Activating Companies to Support Climate Change
Long before Hertz Fellow Bill Weihl earned a PhD in computer science at the Massachusetts Institute of Technology, he was devoted to the environment.
He and his mother piled into the family car once a month to take their glass to recycling center dumpsters and composted their kitchen waste in the woods behind their house. Now his career path working with some of the biggest names in technology has led him back to his environmentalist beginnings.
“I grew up in Cincinnati in the ’60s and ’70s, suffering the effects of various kinds of pollution,” Weihl said. “We heard news reports about chemical spills into the Ohio River. The air quality in the summer was horrible because of emissions from various factories.”
When Weihl and his wife had children, his concerns about the environment mounted. At the time, he was doing interesting technical work as a researcher at Digital Systems Research Center and as the chief technology officer of Akamai Technologies. But it wasn’t enough.
“Climate change was an existential crisis that seemed so much more important than what I was working on,” Weihl said. He pivoted in his work to focus on sustainability.
As Google’s green energy czar from 2006 to 2011, he bought clean energy for its data centers and helped found the Climate Savers Computing Initiative. As Facebook’s director of sustainability from 2012 to 2018, he worked on sustainability and energy efficiency, driving projects to track and reduce the company’s environmental footprint. He also helped found the Renewable Energy Buyers Alliance, a membership association for large-scale energy buyers seeking to procure renewable energy across the United States.
Weihl has been amply recognized for his efforts. He received Time magazine’s 2009 Hero of the Environment for his work at Google, the 2016 Global Green Award for environmental leadership, and GreenBiz’s 2018 VERGE Vanguard Award.
Now he has altered direction again, this time to focus on climate change policy.
Companies can have a powerful impact on climate change policies, yet many have steered clear of the highly politicized issue, Weihl said. To address that, he established the nonprofit ClimateVoice in February 2020. The organization works with current employees and college students entering the job market to urge companies to go “all in” on climate and be vocal proponents of caring for the planet.
Companies that ignore staff and stay silent on the issue will have more difficulty recruiting and retaining highly trained employees, Weihl predicts. “Politicians listen to big influential businesses, and successful businesses listen to their employees,” he said.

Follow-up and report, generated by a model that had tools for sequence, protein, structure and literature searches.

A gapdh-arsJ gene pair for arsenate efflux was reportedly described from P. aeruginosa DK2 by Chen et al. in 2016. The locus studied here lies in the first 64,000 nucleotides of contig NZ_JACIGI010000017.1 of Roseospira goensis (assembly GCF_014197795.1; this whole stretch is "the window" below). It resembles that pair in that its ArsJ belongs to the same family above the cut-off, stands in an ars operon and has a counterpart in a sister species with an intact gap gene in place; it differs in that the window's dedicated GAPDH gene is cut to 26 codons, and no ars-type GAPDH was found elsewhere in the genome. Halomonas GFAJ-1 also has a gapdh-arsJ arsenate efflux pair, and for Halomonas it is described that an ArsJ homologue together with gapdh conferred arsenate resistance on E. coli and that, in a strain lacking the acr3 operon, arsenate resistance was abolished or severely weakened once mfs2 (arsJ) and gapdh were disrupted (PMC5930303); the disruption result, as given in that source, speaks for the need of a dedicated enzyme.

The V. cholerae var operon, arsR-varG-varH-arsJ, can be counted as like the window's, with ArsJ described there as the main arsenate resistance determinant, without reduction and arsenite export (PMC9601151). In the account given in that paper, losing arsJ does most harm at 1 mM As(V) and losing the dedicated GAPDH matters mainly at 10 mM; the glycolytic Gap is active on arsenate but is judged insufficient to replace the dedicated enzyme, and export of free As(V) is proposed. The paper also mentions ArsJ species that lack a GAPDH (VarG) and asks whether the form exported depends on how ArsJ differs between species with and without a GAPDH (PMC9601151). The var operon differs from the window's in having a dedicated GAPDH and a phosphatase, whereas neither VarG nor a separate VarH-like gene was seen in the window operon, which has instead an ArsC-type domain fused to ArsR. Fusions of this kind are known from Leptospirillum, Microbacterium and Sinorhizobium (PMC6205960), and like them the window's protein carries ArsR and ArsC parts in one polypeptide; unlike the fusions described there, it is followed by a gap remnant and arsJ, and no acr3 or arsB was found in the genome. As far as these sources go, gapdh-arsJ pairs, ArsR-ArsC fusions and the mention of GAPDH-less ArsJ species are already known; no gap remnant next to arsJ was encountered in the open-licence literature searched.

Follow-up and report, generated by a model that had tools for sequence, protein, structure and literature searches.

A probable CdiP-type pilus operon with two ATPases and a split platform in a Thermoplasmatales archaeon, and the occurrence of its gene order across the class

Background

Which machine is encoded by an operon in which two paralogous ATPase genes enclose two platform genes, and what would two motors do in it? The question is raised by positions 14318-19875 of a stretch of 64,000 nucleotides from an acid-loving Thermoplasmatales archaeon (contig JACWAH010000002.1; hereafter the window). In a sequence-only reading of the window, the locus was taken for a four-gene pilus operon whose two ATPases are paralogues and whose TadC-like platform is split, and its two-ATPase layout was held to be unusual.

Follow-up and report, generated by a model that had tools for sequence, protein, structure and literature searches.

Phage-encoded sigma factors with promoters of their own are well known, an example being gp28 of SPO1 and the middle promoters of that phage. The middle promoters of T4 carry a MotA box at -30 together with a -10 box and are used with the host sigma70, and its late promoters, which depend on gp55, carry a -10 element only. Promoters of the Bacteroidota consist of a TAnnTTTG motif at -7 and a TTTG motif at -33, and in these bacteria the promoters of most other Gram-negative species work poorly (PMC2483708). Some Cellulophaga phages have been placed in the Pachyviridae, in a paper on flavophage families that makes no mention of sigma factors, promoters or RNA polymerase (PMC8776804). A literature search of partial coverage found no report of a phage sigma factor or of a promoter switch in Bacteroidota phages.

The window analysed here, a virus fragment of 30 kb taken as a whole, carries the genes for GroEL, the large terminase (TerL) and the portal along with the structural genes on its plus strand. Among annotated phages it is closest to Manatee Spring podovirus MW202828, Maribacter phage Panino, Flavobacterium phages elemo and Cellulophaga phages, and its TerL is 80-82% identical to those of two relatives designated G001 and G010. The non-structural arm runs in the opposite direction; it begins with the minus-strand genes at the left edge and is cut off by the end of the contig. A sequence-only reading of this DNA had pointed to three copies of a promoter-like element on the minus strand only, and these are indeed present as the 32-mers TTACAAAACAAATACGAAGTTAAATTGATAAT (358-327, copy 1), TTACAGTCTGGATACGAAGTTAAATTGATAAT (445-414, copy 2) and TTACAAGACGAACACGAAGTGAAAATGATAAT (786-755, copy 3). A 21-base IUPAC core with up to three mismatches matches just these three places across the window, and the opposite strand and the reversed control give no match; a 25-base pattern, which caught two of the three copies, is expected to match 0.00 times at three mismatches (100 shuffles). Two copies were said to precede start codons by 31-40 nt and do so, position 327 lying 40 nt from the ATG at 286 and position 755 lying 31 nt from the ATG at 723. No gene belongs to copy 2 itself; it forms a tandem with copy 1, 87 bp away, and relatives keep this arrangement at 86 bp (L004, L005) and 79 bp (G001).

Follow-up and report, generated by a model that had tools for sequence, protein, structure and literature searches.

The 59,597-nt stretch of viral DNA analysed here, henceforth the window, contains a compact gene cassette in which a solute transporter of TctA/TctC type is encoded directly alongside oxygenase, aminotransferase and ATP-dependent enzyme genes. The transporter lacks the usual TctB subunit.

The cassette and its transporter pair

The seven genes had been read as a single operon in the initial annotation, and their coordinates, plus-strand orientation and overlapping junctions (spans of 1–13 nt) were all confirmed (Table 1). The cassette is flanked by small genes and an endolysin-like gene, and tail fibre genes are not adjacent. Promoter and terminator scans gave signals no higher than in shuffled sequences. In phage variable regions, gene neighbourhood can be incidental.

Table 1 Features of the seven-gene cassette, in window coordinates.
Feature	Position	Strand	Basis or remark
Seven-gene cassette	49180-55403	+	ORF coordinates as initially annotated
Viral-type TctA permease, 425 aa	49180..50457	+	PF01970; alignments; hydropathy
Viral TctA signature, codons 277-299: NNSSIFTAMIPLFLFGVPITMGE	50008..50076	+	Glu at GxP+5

Pledge to Make Change
To trigger this chain of influence, employees and students first sign the ClimateVoice Pledge, which states that they will seek a workplace that is #AllinOnClimate, ensure that companies understand that climate matters to them, and encourage colleagues to activate their companies on the issue. ClimateVoice provides companies with statistics on the number of pledges signed by their employees or by students in a given field. Employees from dozens of companies, many of them in the tech sector, have already signed ClimateVoice’s pledge and petitions.
ClimateVoice’s approach models itself on LGBTQ community activism, Weihl said. Starting 20 years ago, hundreds of companies implemented progressive internal policies on LGBTQ. About 10 years ago, they started to support external public policies. Both were in response to employee pressure and the shift in attitudes among the college-student demographic. Such policies outlawed discrimination and provided equal benefits for gay employees and domestic partnerships.
When it comes to climate change, making internal changes is a start, but doesn’t go far enough, Weihl said.
“Lots of companies are buying clean energy, cleaning up their own operations, and encouraging their suppliers to clean up their operations. All of that is really important,” he said. “But by the time I’d been working on sustainability for 10 years, it was clear to me that we were moving far too slowly if we want to stay below 1.5 to 2 degrees Celsius of global warming,” which is generally regarded as the threshold for avoiding catastrophic consequences.
He is now focused on the vital role public policy plays in addressing climate change and points to a new law in Virginia as evidence of progress. In early April, the governor of Virginia signed into law the Clean Economy Act, which mandates 100 percent clean energy on the state energy grid by 2050.
“The law passed with significant support from businesses and from ClimateVoice,” Weihl said.
He’s not just concerned about his children’s future; he’s concerned for all people.
“There are billions of people today who are undernourished and don’t have access to clean water. Whether it’s people in the United States or in developing nations, climate change is going to make those problems much, much worse. We need everyone who cares about climate change to band together and support public policies that can drive rapid decarbonization,” he said.
Weihl also sees a role for the Hertz community. “Hertz Fellows are brilliant scientists, engineers, and business people who could push for aggressive, rapid climate action,” he said. “If this group of smart, accomplished, and respected people could devote a small percentage of their time to driving change through their companies and universities, it could really help move the needle.”
By Jeannine Mjoseth